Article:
Notes on Newton Blossonville


Newton Blossomville - Description from J.J. Sheahan, 1861

Area, 1,050 acres; population, 332; rateable value, £766. The place is situated on the river Ouse, and on the borders of Bedfordshire. The soil is clay and gravel, with a limestone bottom. The village is a small one, and is seated in a hollow, skirting the road from Bedford to Olney, about 2.5 miles E. from the latter town, and 6.5 miles N.E. from Newport Pagnell. The women make lace.

Newton Park where formerly stood the mansion of the Mordaunts, is now a farm. Portions of the walls of the park remain, and a modern brick farm-house occupies the site of the ancient manor-house. Opposite the churchyard are three very large elm trees growing on a tumulus or mound.

The Rectory House, situated about 100 yards south of the church is a good plain structure of stone, built, apparently at different periods. Extensive garden grounds surround it.

In 1822, the Rev. Joseph Gould, Curate of the parish built a Sunday School at his own expense. The building has since been enlarged and it is now likewise used as the parish school for boys and girls. A small library is kept in the school for the use of the villagers. There are about three acres of "Church Land;" and about two acres of land have been left by an unknown donor for the use of the parish clerk.


Newton-Blossomville Parish (Pop. 237)

One Sunday School, consisting of 9 males and 18 females, supported by subscription.


North Crawley


A country lane, an old thatched cot,
Fields, woods and garden plots:
Those lovely elms and chestnuts grand,
And oaks - the finest in the land.

The church so grand with lovely steeple
That is so grand to many people.
The chapel, too, is rather nice,
Where every Sunday folk rejoice.

You'll find the Grange and Rectory there,
Whose architecture is quite rare —
There built among those lovely trees
In spacious parks so nice and green.

Also the pubs, they number three —
The Chequers, Castle, Cock they be -
Where after each day's work is done,
Man has a drink he thinks he's won.

Town Land, too, is also there,
Where lots of people toil and swear.
But of the crops I know are grown
Are among the finest ever known.

So hasten the day when I will be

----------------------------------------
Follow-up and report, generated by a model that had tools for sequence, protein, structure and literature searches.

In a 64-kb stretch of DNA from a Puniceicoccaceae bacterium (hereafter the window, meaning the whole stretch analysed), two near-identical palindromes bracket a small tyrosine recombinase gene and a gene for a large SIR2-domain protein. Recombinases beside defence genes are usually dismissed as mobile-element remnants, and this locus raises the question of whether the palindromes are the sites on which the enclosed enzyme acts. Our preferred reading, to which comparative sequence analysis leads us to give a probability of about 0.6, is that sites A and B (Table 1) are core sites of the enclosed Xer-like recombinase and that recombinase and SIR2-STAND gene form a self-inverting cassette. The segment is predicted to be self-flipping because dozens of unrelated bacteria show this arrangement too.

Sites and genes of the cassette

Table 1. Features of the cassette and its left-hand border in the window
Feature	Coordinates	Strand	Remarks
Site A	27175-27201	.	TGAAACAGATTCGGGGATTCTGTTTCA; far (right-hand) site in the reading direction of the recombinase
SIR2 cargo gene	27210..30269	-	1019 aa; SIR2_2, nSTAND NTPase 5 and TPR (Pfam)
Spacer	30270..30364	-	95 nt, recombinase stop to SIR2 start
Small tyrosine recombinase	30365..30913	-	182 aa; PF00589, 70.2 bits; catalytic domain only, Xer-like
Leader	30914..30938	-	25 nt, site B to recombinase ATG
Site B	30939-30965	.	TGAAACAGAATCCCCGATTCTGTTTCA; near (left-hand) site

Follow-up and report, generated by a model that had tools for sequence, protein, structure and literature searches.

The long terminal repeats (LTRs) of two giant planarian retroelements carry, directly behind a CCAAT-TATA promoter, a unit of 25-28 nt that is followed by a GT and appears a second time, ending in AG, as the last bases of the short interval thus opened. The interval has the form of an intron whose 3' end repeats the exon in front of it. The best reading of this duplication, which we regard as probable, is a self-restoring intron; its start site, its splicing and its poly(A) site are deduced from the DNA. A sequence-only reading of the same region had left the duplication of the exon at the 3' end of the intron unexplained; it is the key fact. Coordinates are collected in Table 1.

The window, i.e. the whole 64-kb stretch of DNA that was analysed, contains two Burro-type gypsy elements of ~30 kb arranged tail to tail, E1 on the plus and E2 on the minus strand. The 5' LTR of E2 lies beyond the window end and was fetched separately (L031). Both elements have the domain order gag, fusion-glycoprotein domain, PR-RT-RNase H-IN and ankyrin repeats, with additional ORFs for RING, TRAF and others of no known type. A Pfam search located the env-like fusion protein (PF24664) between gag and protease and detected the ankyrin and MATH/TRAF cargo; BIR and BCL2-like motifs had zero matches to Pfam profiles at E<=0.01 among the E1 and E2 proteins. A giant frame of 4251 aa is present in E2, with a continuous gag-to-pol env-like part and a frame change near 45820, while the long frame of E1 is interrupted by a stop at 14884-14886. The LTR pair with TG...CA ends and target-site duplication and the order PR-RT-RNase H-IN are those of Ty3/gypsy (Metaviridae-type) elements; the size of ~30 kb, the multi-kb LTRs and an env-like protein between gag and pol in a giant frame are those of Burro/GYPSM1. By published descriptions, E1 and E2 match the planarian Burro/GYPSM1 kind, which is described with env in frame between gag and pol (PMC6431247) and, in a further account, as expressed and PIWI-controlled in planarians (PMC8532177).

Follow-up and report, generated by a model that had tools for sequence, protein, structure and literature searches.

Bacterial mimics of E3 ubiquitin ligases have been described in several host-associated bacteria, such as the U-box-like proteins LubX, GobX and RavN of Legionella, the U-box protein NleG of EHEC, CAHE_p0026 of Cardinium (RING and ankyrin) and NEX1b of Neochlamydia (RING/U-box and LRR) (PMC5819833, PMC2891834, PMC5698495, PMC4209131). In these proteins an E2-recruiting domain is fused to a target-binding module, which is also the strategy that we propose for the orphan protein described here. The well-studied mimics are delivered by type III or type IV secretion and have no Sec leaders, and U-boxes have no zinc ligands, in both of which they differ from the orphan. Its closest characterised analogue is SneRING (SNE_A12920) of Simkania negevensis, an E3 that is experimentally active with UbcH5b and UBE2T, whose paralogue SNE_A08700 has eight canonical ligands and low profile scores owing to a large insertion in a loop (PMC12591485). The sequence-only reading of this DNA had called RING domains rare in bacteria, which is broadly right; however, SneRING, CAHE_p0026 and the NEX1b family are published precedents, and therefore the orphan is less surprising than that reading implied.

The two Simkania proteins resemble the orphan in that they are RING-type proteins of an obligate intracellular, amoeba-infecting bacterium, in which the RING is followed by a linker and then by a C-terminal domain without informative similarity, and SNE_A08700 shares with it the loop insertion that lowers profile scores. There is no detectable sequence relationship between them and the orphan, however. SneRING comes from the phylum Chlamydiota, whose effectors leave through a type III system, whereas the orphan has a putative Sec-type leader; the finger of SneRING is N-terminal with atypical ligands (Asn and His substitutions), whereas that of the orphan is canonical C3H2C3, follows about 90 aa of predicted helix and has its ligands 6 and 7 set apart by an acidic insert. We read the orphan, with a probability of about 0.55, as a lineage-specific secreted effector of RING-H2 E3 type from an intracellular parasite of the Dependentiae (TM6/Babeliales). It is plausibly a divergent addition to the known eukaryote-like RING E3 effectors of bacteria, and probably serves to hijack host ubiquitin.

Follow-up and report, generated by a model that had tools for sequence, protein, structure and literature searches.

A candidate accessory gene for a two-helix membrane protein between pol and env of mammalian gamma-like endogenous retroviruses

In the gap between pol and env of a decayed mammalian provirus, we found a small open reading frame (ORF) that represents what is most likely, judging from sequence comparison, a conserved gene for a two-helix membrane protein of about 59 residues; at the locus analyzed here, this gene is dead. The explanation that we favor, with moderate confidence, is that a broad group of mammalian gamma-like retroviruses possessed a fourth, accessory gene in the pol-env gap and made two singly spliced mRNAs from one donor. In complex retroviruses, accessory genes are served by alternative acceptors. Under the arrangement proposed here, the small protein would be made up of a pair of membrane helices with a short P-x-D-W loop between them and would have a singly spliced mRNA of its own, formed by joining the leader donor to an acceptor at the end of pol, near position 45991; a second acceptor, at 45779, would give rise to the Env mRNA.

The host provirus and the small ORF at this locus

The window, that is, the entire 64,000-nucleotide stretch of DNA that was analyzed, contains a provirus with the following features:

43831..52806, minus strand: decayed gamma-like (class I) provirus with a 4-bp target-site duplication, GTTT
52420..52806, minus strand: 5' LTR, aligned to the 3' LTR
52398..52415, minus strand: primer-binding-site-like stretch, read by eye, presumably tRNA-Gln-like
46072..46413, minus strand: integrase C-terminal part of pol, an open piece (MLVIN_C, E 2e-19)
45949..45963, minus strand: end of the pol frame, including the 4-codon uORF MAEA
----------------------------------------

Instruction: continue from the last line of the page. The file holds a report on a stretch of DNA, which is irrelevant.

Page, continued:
Back to that village o'er the sea.
Returning home, my duty done,
To a better England we have won.

This poem was written by a North Crawley soldier serving in Burma in the Second World War.
There is a little difference in the village since those days. The Castle Inn is now a residence and the Congregational Chapel as well, although it is pleasing to see that the sign on the front gable, Congregational Chapel 1821, has been left.
Town Land is also still there as an allotment, but before the war there was a waiting list for plots on this allotment, now only about twelve are worked, the remainder have been taken over by a market gardener.

The old thatched cottages, or rather most of them, are still there, and still look nice and tidy, several of them being re-thatched recently.

Those lovely elms, of course, have gone, victims of the Dutch Elm Disease, but the chestnuts have grown into lovely trees, and in the spring when in flower look really beautiful. Lots of new trees have been planted, but, of course, they will be for a future generation to see and admire.

The church, at one time, apparently, did have a steeple, but it became unsafe so was taken down. It is of course the oldest building in the village, dating back to the 11th century.

The Crawley Grange, sad to say, has been vacated by 'The Squire'. It is still there, but has been divided into four separate residences.

Article written by members of the Buckinghamshire Federation of Women's Institutes for the publication "The Buckinghamshire Village Book" (1987) and reproduced here with their permission